Let’s look at how efficient these systems are and how that efficiency is measured.First, it’s important to know that a kilowatt of electricity is equal to 3,413 Btus.So, for every kilowatt of electricity used to run the compressor, blower, and pumps, a geothermal system can extract 4 to 5 kilowatts (13,652 to 17,065 Btus) from the ground.This translates into efficiencies in the neighborhood of 400 to 600%. The term coefficient of performance (COP) is used to explain how efficient the system is in heating mode, and the term energy efficiency ratio (EER) is used to determine the cooling efficiency.
COP is the ratio of heat output to the amount of energy input of a heat pump. It’s a little like real life in that what you get out depends on how much you put into it. Except that with geothermal you get a lot more out than you put in. If a heat pump delivers 5 units of heat for every unit of energy input, the COP is 5.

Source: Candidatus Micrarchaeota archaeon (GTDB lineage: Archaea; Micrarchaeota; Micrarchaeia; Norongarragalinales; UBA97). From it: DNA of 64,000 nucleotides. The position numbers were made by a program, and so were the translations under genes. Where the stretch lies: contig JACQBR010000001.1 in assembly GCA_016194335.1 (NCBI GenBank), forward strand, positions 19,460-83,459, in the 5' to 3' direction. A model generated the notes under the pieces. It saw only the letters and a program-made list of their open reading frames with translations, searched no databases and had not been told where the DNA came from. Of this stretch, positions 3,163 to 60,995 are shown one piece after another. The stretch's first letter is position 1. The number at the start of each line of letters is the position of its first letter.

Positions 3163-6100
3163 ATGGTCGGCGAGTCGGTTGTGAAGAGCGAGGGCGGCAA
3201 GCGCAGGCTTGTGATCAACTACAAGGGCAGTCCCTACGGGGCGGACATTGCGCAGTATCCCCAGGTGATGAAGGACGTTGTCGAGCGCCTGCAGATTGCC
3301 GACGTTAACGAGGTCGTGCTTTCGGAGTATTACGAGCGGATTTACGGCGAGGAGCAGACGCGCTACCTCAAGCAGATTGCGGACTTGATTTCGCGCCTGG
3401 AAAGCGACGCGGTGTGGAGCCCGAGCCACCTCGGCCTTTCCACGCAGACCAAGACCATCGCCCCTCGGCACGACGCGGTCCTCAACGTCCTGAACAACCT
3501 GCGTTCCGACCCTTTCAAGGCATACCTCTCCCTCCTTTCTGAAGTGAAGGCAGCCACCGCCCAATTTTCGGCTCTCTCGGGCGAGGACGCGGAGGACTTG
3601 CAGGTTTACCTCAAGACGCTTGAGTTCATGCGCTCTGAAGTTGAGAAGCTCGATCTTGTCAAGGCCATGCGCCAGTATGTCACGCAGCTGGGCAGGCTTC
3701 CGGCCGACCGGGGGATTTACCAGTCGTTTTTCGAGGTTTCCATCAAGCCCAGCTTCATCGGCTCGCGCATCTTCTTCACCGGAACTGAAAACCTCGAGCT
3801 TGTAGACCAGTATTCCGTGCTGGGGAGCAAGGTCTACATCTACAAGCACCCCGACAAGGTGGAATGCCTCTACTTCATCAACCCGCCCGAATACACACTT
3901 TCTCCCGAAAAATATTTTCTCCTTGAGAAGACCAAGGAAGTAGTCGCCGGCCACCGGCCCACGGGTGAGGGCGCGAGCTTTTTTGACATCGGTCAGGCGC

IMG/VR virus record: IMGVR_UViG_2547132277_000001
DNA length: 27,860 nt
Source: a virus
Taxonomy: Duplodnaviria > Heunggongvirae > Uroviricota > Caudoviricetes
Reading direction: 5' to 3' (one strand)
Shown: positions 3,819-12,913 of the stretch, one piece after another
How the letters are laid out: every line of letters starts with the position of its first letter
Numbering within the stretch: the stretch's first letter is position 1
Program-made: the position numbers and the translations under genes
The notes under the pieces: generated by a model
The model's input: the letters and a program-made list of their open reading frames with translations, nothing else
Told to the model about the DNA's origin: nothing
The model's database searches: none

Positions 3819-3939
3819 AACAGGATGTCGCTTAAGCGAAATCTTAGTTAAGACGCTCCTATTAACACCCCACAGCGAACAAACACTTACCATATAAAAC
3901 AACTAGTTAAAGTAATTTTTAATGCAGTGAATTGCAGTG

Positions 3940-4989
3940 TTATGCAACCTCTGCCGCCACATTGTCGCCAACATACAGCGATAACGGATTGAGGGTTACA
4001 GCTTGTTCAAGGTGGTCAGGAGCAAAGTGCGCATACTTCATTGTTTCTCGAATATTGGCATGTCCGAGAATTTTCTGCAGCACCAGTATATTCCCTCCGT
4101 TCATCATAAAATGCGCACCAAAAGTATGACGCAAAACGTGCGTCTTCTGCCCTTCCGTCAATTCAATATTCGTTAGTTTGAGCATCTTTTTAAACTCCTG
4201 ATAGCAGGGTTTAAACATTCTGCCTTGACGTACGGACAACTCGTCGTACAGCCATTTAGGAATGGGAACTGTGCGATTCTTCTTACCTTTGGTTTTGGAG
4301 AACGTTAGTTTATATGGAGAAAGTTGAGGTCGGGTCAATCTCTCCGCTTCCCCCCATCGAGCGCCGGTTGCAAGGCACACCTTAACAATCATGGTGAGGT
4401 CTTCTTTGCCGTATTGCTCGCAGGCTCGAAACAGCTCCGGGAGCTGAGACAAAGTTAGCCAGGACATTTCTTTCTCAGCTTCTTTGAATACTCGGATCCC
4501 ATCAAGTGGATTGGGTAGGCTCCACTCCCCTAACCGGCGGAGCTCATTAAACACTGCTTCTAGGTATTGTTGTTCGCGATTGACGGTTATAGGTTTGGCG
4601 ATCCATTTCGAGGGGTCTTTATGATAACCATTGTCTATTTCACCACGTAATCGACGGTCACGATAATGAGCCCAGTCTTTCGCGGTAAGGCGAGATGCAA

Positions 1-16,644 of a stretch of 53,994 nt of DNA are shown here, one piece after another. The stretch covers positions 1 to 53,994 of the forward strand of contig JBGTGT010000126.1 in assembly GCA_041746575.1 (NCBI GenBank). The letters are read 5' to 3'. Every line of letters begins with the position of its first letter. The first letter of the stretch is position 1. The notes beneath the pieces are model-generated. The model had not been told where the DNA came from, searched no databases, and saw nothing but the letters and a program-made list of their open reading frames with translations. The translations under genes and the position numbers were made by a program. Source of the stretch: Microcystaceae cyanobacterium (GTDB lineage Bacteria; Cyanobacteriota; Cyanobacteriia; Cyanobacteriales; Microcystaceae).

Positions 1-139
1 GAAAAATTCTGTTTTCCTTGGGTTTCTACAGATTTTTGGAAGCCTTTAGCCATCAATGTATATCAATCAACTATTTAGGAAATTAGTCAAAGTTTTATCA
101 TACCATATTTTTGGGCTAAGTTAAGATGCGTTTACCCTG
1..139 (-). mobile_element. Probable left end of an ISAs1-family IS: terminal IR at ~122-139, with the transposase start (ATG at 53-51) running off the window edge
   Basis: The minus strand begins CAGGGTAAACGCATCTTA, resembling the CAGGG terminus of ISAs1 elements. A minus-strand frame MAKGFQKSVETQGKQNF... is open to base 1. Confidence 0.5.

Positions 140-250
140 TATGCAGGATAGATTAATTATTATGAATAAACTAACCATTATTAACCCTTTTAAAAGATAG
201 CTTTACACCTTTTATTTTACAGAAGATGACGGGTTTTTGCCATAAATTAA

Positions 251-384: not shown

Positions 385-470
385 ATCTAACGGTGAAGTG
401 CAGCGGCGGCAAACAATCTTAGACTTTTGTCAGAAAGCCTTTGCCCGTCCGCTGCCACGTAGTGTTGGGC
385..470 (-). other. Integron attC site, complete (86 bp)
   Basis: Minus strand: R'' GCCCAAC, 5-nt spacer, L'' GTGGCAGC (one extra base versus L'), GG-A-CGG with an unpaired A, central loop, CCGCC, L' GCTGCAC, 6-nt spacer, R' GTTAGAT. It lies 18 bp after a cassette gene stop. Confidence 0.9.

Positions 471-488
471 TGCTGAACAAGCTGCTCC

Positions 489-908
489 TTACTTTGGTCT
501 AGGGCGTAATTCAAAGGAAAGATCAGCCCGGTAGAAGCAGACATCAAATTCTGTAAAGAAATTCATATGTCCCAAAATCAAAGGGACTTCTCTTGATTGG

Geothermal heat pumps can operate in the neighborhood of 5 COP in heating mode. So if a property owner is using 1kW and getting 5 kW in return, that is 400% efficiency. Compare that to a fossil fuel furnace’s 96% efficiency, and it becomes clear why geothermal just makes sense.
On the other hand, EER is a measure of the cooling efficiency. If a geothermal heat pump in cooling mode draws 1 kW to produce 10,000 BTUs per hour cooling, the efficiency is calculated as 10 EER. Geothermal heat pumps have EER ratings in excess of 20 on average, so that 1KW is actually producing 20,000 BTUs of cooling.
Most people are familiar with air-source heat pumps, where heat is extracted from the ambient air or rejected into the outdoors.With a geothermal heat pump, heat is extracted or rejected to a loop field.We all have a heat pump in our homes now, because a refrigerator is really a heat pump. It extracts heat from the interior contents like fruits and vegetables, or fluids like milk or beer, and rejects it to the interior of the home.